Thursday, June 17, 2010

YOUCAN Graduation- transforming lives

Today, I had the privilege of attending the graduation ceremony at YOUCAN for the two programs they offer. YOUCAN is set up for youth, aged 16-21, who have fallen through the cracks for a variety of reasons. Over the past year, I have developed a growing appreciation for the incredible work that is happening there (it operates out of Westmount School). They run two programs, one called Peacebuilders, which trains youth in conflict resolution. Once trained, the youth go out into schools to share their knowledge. The other program is called Verto and helps youth who have been involved in the Justice system learn the necessary skills to enter the workforce or continue their education. In both programs, the youth are paid to participate in the 16 week program.

At the graduation ceremony, each youth delivered a short speech outlining what the program had meant to their lives. Their stories were very powerful.

Here's some of what I heard about their lives before YOUCAN:

Before I came to YOUCAN, I was homeless, living out of my car... and it was winter. Really cold. 
I was fighting with my Mom all the time and I didn't like that.
I got kicked out of my group home and then I got kicked out of school.
I was a drug addict and drinking every day. I was going nowhere. And I had no motivation. 
I was stealing, breaking into people's homes and selling drugs. I never thought I would be anyone.

Here's what they said about how YOUCAN had changed their lives:

This program taught me so much. I learned how to respond instead of react.
I learned about how to resolve conflicts without using violence.
I love the circles. Everyone should use circles.
I learned how to write a good cover letter and a resume and now I'm ready to apply for some jobs.
I got my first aid.
I am going back to school and I've got a job.
I will succeed and I want to be a good father to my son, a good person and a taxpayer.
I have been sober for three months and I feel good about myself.
I haven't had any problems with the law.
The people here have treated me like a friend and they have helped me so much.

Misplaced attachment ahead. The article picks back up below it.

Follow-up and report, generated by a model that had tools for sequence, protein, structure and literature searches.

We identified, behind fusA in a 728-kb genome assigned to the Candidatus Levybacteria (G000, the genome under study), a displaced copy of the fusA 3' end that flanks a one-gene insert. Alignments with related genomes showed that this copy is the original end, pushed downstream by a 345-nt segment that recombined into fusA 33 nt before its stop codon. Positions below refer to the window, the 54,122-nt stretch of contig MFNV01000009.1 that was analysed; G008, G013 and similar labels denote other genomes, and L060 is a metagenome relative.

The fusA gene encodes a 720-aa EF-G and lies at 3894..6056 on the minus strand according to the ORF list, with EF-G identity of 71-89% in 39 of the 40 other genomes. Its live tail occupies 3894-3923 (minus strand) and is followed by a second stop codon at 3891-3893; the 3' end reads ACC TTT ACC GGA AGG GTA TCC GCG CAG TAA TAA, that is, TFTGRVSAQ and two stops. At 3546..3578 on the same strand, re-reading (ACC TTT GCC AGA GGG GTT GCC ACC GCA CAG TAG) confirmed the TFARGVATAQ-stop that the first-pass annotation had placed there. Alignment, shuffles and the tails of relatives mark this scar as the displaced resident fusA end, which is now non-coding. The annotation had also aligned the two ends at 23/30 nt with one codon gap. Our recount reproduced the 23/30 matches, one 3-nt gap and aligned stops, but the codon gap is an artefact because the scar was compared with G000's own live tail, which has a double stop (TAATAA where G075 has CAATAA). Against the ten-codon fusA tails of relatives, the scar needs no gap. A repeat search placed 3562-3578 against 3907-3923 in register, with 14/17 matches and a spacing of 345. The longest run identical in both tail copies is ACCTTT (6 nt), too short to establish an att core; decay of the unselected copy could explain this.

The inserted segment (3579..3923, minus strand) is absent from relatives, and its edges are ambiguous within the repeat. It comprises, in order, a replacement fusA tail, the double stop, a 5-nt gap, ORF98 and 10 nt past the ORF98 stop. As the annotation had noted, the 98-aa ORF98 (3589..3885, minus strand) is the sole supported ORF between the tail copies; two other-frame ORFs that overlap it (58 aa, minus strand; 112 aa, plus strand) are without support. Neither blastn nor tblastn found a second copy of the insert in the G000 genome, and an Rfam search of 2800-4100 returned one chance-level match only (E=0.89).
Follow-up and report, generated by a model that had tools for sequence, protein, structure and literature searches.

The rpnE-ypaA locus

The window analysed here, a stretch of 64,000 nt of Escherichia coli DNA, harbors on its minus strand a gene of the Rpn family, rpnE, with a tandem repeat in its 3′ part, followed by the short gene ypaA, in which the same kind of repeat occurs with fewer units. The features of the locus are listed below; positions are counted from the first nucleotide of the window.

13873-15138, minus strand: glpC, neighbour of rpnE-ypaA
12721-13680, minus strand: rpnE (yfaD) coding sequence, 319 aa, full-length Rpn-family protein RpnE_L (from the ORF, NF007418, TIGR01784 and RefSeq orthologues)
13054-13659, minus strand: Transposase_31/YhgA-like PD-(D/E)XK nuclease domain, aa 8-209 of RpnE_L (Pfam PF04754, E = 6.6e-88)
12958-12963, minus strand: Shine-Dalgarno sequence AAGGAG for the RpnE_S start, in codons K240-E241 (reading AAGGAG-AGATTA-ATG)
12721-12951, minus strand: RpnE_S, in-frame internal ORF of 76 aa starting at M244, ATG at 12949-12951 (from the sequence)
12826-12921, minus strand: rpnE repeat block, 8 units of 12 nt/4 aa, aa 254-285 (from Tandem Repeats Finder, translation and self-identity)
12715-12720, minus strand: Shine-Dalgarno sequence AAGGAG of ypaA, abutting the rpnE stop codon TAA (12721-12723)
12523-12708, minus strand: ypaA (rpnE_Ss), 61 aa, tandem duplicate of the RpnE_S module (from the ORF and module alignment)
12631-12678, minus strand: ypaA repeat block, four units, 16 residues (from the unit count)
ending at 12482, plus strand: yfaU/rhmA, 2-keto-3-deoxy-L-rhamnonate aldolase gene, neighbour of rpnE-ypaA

(One of the YOUCAN staff) here helped me through some really bad times, because he knows what it feels like. He was a gang-involved youth, too, like me.  He doesn't need to look in a book about it... he knows. 

One graduate said:
Before I came to YOUCAN, I couldn't read much. Maybe a paragraph. Yesterday, I finished my first book.

It was completely remarkable to me.. that so much growth can happen in only 16 short weeks. How does it work? How can they transform lives in such a short timeframe, when so many others have failed?  Part of the credit goes to the youth, who are truly ready to make changes in their lives. But clearly, a good part of the success comes from the incredibly dedicated and skilled staff who work at YOUCAN. In their words, they are engaged in "relentless youthwork": they just refuse to give up on these kids. They treat them with respect and engage in egalitarian problem-solving, active listening  and open dialogue through the use of circles. They spend the time to understand, to listen, to be honest with the youth and with each other. What I felt in the room was genuine warmth and caring, between the staff and the youth and amongst the youth themselves. It was like family. It was love.

I think the work at YOUCAN is truly outstanding.  I encourage anyone who is interested in learning more to contact the director Kyle Dube. I also encourage you to find out when the next graduation will happen. Do yourself a huge favour and plan to attend. It will open your eyes.

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